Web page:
Alternative to embedded ActiveX Listbox

Hello everyone,
I'm pretty fed up with embedded ActiveX controls on my worksheets.  I'm so sick of them getting all messed up whenever I dock/un-dock my laptop and my display resolution changes.  I have tried Dave Millers Add-in for saving the location of the controls and it works but I don't like having to do that every time.

Currently I am in the process of making up a dashboard and I need a multi-column control, either a combo box or a list box.  I REALLY don't want to use an ActiveX control.  Here are some options I've thought of...

  1. Using a Form control and try to fake the multi-column effect with spaces or tabs between entries.  This works if I use a fixed width font but I don't want to do that.  If I use a variable width font I'm stuck trying to figure out the length of the text string in points and translating that into an equivalent number of spaces.  Pretty ugly.
  2. Employing a user form.  ActiveX controls do not get messed up when used in a form like they do when embedded on the worksheet.  I was even thinking of trying to embed the user from onto the worksheet as a container for the controls.  Seems backwards as the worksheet itself is a "container" for the controls, it just sucks.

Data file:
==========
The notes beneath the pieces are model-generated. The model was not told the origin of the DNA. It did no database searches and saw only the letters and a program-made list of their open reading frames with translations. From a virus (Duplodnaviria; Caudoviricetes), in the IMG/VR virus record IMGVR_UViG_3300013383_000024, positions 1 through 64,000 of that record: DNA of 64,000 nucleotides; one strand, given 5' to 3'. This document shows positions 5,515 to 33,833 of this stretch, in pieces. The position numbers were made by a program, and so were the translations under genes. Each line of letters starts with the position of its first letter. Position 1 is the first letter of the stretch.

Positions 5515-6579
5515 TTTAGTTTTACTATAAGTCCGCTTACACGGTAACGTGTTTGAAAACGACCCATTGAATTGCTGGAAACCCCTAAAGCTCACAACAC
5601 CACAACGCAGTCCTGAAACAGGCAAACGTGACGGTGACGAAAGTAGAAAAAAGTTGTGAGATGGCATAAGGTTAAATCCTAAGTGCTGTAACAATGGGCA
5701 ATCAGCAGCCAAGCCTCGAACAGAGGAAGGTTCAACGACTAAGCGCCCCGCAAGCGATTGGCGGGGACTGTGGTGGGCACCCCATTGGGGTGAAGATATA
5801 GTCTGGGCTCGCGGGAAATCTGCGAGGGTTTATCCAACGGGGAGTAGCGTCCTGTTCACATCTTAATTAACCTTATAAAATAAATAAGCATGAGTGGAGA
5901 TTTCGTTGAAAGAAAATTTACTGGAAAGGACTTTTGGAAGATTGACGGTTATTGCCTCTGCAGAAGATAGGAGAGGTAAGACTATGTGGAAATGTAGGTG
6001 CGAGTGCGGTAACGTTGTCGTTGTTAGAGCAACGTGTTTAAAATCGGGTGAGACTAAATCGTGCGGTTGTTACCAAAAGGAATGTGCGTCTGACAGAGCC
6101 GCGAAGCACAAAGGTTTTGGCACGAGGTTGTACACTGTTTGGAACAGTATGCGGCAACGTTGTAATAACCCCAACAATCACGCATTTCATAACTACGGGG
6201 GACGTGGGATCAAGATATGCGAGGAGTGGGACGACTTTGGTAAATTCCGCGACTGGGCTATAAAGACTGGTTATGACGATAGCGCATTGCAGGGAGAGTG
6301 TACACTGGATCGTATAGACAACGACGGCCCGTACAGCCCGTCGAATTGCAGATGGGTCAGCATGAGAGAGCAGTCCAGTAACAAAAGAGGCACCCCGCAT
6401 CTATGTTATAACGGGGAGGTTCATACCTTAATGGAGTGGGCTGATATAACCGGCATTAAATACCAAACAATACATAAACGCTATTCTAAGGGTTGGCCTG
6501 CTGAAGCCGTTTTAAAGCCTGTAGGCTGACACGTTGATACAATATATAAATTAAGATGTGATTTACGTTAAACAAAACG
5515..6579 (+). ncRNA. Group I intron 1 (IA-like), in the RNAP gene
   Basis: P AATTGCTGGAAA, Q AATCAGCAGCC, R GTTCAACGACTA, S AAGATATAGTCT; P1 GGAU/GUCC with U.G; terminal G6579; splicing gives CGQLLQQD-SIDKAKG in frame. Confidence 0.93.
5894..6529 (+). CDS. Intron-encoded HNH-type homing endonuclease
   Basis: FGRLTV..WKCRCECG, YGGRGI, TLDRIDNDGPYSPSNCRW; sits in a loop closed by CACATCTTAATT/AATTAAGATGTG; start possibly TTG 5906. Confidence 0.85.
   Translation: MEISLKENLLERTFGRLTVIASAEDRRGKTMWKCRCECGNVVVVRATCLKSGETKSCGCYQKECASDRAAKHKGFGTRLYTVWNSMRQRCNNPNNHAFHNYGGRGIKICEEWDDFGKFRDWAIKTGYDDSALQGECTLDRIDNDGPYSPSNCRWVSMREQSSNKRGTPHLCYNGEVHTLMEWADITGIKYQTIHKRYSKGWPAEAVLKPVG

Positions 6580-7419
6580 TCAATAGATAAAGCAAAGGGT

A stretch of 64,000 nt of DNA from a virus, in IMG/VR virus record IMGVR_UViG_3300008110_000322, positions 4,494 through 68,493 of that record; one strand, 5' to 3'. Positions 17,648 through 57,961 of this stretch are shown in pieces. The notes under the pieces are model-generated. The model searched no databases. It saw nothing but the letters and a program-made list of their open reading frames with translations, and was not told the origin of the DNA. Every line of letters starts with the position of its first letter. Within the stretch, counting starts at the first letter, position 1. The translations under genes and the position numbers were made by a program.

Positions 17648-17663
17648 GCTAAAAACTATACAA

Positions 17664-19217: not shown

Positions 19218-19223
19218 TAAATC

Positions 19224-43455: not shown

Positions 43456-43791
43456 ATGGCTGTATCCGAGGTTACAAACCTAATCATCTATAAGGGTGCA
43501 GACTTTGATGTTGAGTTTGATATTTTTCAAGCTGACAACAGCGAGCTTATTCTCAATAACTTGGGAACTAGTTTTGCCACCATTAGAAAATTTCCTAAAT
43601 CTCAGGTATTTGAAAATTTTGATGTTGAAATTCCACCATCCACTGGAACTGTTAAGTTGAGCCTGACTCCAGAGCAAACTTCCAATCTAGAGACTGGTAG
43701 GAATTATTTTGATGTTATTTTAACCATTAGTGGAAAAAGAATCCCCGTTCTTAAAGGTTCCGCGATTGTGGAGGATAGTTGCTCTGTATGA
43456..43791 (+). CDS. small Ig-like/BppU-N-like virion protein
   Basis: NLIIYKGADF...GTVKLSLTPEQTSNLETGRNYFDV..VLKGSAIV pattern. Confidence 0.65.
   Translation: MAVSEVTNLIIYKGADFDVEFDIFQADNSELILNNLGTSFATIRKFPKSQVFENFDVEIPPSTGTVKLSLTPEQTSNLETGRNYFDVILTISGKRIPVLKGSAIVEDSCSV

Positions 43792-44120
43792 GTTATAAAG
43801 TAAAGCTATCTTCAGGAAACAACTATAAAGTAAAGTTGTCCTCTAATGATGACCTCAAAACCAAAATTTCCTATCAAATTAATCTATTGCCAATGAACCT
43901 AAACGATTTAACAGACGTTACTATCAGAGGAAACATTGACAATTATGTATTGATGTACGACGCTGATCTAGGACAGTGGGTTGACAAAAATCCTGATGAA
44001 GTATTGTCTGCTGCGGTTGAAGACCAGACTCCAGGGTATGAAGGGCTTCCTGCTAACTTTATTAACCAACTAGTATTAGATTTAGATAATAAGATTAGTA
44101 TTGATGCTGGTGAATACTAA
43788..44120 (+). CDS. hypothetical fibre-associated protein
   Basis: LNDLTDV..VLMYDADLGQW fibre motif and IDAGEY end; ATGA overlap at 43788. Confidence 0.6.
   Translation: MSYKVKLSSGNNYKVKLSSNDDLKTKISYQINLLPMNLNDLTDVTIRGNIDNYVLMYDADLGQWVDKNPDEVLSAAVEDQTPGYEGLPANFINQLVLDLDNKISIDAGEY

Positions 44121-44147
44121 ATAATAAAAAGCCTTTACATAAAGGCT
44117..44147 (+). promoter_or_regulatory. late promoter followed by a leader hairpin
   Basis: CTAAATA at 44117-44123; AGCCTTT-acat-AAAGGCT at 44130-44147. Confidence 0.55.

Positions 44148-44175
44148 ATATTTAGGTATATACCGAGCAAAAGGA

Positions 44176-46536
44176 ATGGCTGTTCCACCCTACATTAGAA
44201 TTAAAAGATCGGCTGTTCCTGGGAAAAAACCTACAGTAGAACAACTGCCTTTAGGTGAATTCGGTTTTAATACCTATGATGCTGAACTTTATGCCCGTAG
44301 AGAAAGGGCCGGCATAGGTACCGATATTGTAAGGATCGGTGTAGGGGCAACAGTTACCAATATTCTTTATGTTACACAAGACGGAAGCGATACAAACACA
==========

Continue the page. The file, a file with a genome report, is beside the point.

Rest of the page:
3. Somehow using data validation drop downs.  Not really sure how this could give me the multi-column effect but I suppose it is an option.

Anyone else have any ideas?  Sharing your thoughts would be greatly appreciated.

Thanks,
Kyle
LVL 12
kgerbChief EngineerAsked:
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Martin LissOlder than dirtCommented:
Please see my my Floating ActiveX control article. When using it you will not have the ActiveX problems you described. The one possible downside for you is that the controls are not visible until you select a cell. A couple of test projects that use comboboxes are attached to the article.

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Martin LissOlder than dirtCommented:
I've attached a workbook from this article that I believe does exactly what you want.
example-data-table-with-scroll-bar.xlsm
kgerbChief EngineerAuthor Commented:
Hello Martin,
Thanks for the article and the example workbook.  I'm scratching my head as to exactly how it works but it looks very promising.  Thanks again very much for your input.
Martin LissOlder than dirtCommented:
One of the key things is the formula in B9 on the Data sheet.

You’re welcome and I’m glad I was able to help.

If you expand the “Full Biography” section of my profile you’ll find links to some articles I’ve written that may interest you.

Marty - Microsoft MVP 2009 to 2017
              Experts Exchange MVE 2015
              Experts Exchange Top Expert Visual Basic Classic 2012 to 2017
Martin LissOlder than dirtCommented:
Sorry, I should have said B3.
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